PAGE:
“Geoff was a great engineer, but maintenance? Nah. Not so much,” Carr said, bringing a bit of levity to the event.

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John Lytle, of Belfair, maneuvers a dinghy around his 52-foot ferro concrete-hulled ketch “Ningning” — his wife’s nickname as a little girl in the Philippines.
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Lytle with friend and crew for the day Frank Slater, of Vaughn, row out to his boat.

And so life goes on in this slice of maritime bliss. Between the traditional boating season kickoff breakfast and regatta, there were more than a dozen visiting boats tied up.

“I am just thrilled with the weather,” said Sharon Riggs, of Tacoma, as she walked her Havanese Bailey on the dock. “We’re just hanging out. We like it here.”

Riggs and her boyfriend Neil Randale cruised to Longbranch in a 38-foot cabin cruiser.

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Jeff and Robin Hart, both of Tacoma, greet John Tallman cruising in his 35-foot 1965 Magellan the “Raveling”.

“There is nothing like waking up in the morning  to that,” said Jeff Hart pointing to Mt. Rainier looming over Eagle Island, enjoying a cup of coffee on his 28-foot Ciera cruiser.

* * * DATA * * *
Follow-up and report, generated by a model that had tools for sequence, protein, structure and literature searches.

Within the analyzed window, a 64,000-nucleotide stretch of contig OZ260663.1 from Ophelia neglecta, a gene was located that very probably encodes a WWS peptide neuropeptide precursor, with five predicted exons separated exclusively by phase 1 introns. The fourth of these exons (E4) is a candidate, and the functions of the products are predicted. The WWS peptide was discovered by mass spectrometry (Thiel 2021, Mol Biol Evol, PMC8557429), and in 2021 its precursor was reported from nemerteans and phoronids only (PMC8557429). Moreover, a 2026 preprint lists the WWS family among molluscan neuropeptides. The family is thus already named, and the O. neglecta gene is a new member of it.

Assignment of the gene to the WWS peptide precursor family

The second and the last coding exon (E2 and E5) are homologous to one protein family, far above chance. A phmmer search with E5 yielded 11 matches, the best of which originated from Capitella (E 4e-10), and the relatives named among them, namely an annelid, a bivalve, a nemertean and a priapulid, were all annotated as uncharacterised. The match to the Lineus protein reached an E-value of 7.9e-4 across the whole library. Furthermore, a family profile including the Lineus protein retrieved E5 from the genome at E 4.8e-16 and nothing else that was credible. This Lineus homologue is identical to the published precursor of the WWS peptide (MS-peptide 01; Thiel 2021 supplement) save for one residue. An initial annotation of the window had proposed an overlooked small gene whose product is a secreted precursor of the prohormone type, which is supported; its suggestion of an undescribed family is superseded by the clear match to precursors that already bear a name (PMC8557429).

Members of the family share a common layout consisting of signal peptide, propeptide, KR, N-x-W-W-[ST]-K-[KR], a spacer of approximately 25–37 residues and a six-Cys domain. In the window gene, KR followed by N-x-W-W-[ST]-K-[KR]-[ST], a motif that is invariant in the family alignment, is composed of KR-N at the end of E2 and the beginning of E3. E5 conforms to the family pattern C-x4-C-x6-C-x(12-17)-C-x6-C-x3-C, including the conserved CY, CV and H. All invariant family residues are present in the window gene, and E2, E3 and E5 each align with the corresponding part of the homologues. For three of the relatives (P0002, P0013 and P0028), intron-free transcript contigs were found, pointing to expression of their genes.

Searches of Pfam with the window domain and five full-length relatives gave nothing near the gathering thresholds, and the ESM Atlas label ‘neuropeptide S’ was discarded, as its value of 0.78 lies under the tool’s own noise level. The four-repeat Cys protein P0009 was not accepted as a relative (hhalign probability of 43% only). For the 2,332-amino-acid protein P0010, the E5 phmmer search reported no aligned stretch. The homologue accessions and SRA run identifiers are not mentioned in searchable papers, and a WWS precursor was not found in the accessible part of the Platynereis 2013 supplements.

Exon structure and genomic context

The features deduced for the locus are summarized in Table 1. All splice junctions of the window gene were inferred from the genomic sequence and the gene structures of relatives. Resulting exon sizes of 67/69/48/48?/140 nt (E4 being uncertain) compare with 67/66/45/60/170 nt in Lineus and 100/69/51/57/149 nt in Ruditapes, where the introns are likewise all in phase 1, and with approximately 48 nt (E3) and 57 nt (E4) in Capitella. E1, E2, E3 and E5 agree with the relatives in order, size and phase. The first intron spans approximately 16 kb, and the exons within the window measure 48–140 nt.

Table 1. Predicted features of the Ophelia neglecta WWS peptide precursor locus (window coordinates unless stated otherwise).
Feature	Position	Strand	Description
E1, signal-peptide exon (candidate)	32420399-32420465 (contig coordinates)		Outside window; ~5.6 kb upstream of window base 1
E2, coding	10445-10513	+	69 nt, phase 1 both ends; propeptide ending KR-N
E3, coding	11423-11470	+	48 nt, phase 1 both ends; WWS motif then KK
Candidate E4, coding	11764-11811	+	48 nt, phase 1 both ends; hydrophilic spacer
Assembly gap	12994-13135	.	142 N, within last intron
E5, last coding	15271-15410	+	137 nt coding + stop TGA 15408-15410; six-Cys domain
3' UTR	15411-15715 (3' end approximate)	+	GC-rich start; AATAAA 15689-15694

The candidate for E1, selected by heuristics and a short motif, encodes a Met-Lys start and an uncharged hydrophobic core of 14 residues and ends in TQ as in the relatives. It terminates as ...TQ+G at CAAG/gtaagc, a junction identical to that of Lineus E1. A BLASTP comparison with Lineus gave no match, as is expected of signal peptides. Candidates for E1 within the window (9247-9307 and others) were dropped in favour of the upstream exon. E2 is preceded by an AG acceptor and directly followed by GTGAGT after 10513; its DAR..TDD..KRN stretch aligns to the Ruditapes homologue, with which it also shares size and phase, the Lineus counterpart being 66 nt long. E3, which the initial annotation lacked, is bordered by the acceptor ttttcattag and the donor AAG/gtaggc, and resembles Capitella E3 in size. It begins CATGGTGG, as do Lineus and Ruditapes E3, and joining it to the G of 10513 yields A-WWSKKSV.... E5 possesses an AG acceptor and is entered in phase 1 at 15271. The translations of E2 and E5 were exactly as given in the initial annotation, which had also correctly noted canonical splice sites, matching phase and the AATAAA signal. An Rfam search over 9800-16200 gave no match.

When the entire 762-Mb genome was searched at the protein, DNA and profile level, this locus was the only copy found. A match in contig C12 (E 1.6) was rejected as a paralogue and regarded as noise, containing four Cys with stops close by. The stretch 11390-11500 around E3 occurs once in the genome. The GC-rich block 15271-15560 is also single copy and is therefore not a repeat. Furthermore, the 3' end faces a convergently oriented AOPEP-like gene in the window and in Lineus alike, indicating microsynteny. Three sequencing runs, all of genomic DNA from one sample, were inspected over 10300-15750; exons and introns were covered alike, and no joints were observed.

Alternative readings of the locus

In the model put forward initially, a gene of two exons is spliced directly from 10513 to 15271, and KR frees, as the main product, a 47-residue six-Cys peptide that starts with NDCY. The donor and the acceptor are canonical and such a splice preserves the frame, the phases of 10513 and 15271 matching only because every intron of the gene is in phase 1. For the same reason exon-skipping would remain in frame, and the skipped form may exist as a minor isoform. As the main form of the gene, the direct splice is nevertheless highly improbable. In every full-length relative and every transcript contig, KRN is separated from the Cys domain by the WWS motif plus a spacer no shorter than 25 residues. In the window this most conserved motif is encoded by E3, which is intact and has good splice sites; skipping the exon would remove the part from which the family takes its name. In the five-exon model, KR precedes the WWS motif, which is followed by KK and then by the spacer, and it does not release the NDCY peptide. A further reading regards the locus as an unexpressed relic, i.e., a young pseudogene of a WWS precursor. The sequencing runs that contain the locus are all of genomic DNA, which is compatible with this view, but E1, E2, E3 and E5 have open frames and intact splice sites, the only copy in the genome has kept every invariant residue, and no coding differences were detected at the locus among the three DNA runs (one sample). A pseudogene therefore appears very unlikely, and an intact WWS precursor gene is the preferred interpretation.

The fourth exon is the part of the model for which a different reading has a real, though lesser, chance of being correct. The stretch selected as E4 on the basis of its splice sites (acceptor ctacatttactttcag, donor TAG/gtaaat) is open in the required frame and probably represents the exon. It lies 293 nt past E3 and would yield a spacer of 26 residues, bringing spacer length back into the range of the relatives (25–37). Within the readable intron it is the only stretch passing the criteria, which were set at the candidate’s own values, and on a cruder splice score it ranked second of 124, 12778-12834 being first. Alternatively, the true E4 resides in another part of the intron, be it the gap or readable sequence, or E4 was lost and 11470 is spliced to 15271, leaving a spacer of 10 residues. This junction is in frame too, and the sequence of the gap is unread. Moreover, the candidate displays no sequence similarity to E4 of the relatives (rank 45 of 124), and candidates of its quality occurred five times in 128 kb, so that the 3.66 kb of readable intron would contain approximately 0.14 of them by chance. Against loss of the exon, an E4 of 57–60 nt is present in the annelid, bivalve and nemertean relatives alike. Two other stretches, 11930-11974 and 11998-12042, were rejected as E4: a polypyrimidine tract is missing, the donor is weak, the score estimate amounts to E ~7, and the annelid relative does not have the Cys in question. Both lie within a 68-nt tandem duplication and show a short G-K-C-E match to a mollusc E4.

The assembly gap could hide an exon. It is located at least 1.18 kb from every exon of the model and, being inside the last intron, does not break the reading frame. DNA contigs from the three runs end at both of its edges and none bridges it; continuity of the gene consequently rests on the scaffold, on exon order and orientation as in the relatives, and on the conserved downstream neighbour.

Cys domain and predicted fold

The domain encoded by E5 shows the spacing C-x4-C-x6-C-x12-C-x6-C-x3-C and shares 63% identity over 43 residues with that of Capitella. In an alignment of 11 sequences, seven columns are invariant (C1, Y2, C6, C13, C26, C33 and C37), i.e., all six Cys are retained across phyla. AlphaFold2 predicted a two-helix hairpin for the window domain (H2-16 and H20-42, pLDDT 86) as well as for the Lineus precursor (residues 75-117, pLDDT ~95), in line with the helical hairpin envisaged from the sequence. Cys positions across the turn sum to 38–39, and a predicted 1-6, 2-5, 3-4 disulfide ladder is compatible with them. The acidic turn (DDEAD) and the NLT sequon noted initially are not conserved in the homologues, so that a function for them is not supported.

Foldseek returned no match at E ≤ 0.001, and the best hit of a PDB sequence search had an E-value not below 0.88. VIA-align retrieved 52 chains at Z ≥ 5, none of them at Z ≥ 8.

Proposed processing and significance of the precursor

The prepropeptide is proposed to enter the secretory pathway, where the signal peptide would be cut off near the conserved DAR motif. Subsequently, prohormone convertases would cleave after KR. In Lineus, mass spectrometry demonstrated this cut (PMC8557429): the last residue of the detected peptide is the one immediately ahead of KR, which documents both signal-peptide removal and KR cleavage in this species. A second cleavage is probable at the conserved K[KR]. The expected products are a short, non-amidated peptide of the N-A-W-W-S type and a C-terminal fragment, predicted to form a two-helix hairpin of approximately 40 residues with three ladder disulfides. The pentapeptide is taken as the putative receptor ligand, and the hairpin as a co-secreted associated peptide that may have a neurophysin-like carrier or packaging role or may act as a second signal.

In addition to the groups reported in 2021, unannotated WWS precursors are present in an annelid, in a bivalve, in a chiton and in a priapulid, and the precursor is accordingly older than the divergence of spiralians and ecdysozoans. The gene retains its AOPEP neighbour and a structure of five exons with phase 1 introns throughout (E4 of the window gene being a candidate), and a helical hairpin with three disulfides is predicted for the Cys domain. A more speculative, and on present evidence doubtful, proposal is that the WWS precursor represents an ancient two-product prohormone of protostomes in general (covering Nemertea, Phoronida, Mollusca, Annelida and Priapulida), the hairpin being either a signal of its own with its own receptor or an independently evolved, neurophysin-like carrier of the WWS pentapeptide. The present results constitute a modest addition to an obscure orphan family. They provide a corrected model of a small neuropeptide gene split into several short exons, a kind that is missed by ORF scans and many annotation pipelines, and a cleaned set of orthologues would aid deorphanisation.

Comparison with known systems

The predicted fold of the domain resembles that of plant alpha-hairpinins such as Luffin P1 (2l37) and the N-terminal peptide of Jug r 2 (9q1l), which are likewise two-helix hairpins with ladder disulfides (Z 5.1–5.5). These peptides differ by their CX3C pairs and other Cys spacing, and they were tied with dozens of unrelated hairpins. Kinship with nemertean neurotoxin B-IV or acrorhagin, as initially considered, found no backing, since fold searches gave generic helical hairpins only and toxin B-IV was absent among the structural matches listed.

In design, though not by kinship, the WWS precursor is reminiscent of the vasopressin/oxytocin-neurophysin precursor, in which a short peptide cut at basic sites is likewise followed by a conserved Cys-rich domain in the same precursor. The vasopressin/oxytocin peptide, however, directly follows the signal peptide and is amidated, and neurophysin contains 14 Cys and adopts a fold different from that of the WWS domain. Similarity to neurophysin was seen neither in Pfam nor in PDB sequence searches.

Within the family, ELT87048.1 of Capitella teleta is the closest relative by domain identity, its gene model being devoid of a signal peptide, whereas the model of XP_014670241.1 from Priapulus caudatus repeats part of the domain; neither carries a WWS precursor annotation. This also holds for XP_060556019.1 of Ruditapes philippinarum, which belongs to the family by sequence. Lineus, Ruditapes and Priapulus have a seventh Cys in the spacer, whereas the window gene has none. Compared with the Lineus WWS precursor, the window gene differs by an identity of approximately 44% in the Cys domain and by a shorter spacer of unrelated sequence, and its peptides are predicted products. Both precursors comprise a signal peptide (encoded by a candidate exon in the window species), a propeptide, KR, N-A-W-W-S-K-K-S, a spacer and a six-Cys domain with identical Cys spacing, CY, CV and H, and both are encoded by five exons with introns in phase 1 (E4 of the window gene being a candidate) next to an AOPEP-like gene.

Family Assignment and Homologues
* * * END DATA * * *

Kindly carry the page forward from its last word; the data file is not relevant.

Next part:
“This is our Winnebago on the water,” his wife Robin chimed in. “During the summer, we try to get here every weekend. There are not a bunch of snobby people here.”

“Oh heck yeah. We love it,” Jeff added.

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Pat Thompson, the regatta coordinator, goes over regatta rules with participating skippers.
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Doug Sylvers, of Longbranch, checks his watch before signaling the start of the regatta.
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And the race was on. Two protagonists jockey for position at the mouth of Filucy Bay with a majestic Mt. Rainier looming in the distance.
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And the winner is: “Mystic,” by a Longbranch mile. To you go the grog and women. Congratulations.